Communities

The Time Machine: Durga the Demoness and the Protector

This week, the Time Machine looks at the mythology surrounding Durga and traditions of goddess worship.

Credit: PTI

Generations of children in Kolkata have grown up watching Durga vanquish Mahishasura on Doordarshan, early in the morning, every Mahalaya – complete with the sonorous chanting and ridiculously bad visual effects. It’s all part of getting into the ‘pujo feel’.

Consequently, the mythology is all too familiar and almost set in stone. Mahishasura – a shape shifting demon – engages in some tapasya, asking the divine Brahma for powers of invincibility, specifically that he will never suffer defeat at the hands of a man. He starts out looking fairly austere, with rosary and a dreadlocked bun atop his head.

Meanwhile in heaven, a bunch of rather timorous looking Vedic devas, Indra, et al, quake in their sandals, so to speak. The demon’s trance will not be broken. Even when they send an apsara down to earth to tempt him out of his tapasya, the apsara’s powers of seduction fail entirely. Mahishashura bats not an eyelid, such is his concentration.

Eventually, Brahma grants his wishes (because for some reason, universe-creating omnipotent deities somehow lack the power to say no), unleashing doom on his own heavenly kind.

Gloating over his newly acquired invincibility, Mahishasura passes by a sage’s hut. He steals and drinks amrita (an elixir for immortality) from the sage, disguised as a woman.

Having been fooled thus, the fuming sage curses him. He guffaws heartily and says he’s invincible, so joke’s on the sage. Unflinchingly, the sage curses him again, “Because you tricked me with the disguise of a woman, your defeat will come at the hands of a woman.”

The demon doubles over with laughter – a woman! That’s rich. Unperturbed, he gets a makeover, shorn of austerity, gilded crown and silken robes; he then gathers his asuras and goes to conquer heaven.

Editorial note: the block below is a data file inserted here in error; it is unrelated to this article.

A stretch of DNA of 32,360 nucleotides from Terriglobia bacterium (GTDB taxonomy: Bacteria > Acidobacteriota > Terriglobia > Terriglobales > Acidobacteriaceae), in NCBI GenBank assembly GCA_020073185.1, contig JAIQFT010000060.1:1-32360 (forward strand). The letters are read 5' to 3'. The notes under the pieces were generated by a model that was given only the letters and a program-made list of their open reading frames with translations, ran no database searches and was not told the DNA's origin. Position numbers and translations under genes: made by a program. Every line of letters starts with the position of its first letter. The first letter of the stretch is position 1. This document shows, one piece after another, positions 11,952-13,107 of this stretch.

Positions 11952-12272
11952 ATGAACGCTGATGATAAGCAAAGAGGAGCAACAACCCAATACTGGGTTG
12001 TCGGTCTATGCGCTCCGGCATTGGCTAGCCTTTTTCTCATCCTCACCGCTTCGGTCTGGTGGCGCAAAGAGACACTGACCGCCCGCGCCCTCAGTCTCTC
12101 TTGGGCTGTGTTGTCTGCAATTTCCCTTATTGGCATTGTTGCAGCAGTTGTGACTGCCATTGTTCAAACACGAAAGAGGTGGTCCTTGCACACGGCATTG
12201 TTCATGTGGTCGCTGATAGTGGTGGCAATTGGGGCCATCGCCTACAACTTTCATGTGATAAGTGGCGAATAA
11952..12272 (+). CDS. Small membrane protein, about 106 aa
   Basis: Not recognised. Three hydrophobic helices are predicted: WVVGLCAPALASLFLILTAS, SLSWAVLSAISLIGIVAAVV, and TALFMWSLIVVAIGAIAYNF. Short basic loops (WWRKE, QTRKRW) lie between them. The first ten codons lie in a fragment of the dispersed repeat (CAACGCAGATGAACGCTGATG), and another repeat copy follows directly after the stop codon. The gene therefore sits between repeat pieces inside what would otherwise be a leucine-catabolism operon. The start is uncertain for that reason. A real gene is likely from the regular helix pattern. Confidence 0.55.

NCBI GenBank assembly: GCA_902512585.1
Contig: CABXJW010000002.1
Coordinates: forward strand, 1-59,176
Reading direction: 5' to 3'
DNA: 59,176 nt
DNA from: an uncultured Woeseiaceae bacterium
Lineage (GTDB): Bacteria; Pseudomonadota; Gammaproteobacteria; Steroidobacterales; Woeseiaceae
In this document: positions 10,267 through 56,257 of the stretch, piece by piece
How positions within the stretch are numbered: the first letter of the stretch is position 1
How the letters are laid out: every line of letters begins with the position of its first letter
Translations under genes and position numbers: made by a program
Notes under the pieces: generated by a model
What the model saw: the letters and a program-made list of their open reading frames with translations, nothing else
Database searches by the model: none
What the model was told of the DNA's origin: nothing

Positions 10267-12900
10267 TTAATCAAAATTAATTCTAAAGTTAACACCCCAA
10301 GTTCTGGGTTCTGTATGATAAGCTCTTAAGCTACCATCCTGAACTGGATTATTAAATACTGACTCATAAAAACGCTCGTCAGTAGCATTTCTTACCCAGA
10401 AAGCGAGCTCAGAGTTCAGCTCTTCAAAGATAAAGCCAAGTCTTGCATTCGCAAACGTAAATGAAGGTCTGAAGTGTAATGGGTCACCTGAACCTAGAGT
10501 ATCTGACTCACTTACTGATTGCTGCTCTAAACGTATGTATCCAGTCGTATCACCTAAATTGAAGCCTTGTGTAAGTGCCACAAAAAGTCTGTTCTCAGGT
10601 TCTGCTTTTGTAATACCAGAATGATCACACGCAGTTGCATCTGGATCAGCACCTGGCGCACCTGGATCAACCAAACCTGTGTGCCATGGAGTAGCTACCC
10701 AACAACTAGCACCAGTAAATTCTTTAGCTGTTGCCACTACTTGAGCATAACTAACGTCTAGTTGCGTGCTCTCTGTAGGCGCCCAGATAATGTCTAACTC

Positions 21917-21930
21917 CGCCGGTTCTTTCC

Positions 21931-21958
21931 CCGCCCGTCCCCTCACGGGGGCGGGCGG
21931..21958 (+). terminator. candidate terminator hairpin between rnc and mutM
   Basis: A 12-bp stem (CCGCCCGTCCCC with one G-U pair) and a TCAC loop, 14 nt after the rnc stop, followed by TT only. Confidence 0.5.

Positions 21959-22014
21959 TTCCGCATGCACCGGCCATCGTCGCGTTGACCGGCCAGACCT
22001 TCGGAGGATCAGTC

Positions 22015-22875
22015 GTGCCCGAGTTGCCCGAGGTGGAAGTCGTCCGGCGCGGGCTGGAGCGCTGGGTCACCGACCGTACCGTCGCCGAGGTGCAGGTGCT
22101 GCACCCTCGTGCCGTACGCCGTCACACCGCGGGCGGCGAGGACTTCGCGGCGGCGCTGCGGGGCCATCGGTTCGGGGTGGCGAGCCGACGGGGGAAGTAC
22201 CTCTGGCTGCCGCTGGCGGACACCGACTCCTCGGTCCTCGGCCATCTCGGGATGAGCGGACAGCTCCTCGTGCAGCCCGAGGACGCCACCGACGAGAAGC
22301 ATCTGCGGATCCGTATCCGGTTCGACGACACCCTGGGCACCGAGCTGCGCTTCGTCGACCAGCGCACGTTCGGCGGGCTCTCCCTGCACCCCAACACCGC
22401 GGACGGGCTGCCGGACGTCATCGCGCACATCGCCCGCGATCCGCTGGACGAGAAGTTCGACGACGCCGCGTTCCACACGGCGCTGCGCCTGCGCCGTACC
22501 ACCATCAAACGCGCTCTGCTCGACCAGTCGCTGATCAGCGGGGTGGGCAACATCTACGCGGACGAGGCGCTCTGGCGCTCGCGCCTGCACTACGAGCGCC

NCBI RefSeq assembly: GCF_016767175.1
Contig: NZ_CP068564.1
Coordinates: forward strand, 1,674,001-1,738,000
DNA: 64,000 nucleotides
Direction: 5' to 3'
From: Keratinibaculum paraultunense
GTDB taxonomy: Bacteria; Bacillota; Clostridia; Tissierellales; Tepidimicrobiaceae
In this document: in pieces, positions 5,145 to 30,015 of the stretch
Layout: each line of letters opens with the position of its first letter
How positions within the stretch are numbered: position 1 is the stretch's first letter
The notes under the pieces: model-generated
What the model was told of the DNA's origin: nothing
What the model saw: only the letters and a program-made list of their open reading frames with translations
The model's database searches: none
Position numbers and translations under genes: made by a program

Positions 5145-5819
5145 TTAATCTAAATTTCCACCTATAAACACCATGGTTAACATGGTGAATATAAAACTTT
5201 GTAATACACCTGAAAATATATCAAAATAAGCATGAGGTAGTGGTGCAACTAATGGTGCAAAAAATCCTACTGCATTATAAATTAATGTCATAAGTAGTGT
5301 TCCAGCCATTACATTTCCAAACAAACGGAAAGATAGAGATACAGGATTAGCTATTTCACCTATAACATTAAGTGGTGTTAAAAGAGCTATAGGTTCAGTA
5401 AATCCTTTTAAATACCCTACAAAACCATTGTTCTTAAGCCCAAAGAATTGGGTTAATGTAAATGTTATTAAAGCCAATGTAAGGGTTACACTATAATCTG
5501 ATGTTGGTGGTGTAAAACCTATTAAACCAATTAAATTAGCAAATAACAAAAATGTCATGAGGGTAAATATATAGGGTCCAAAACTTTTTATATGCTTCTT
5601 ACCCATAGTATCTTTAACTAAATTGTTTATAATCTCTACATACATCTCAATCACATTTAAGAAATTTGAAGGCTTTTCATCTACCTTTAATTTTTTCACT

The devas are overwhelmed easily. They can be seen fleeing the scene, holding on to their wigs. The cowering refugee devas gather at the sage’s hut, which was clearly the rendezvous point, for the trinity, Shiva, Vishnu and Brahma arrive. What is to be done about Mahishasura? More thumb twiddling ensues. They all mull and the sage tells them the answer is simple – you must have a woman defeat the invincible demon, because the devil lies in the detail. He is invincible only for men.

This notion pleases them. Heavenly light in the form of bad CGI can be seen pouring out of their beings – and Durga, their saviour is created. To her, each of her creators lends an aspect in the form of a weapon. She now has an arsenal to defeat Mahishasura with, and of course, she does.

Roughly this version of events is what first appears in the Devimahatmya (which is part of the Markandeya Purana), estimated to have been written between 400-600 CE. There exists a narrative that the defeat of Mahishasura at the hands of Durga, is a story oppression – it is the story of the defeat of a tribal god to a Vedic deity, fair of skin and tame. However, Durga doesn’t find mention in the Vedas, which were composed and recorded much earlier (c. 1500-600BCE). In fact, the eastern regions lay largely outside the ambit of Vedic influence as late as the Gupta period (c. 320-550 CE).

B.C. Majumdar in 1906 wrote, “I need hardly point out that neither the Vedas nor the old Vedic literature knew the name of this mighty goddess,” and continues to demonstrate that one stray mention was an interpolation.

Credit: PTI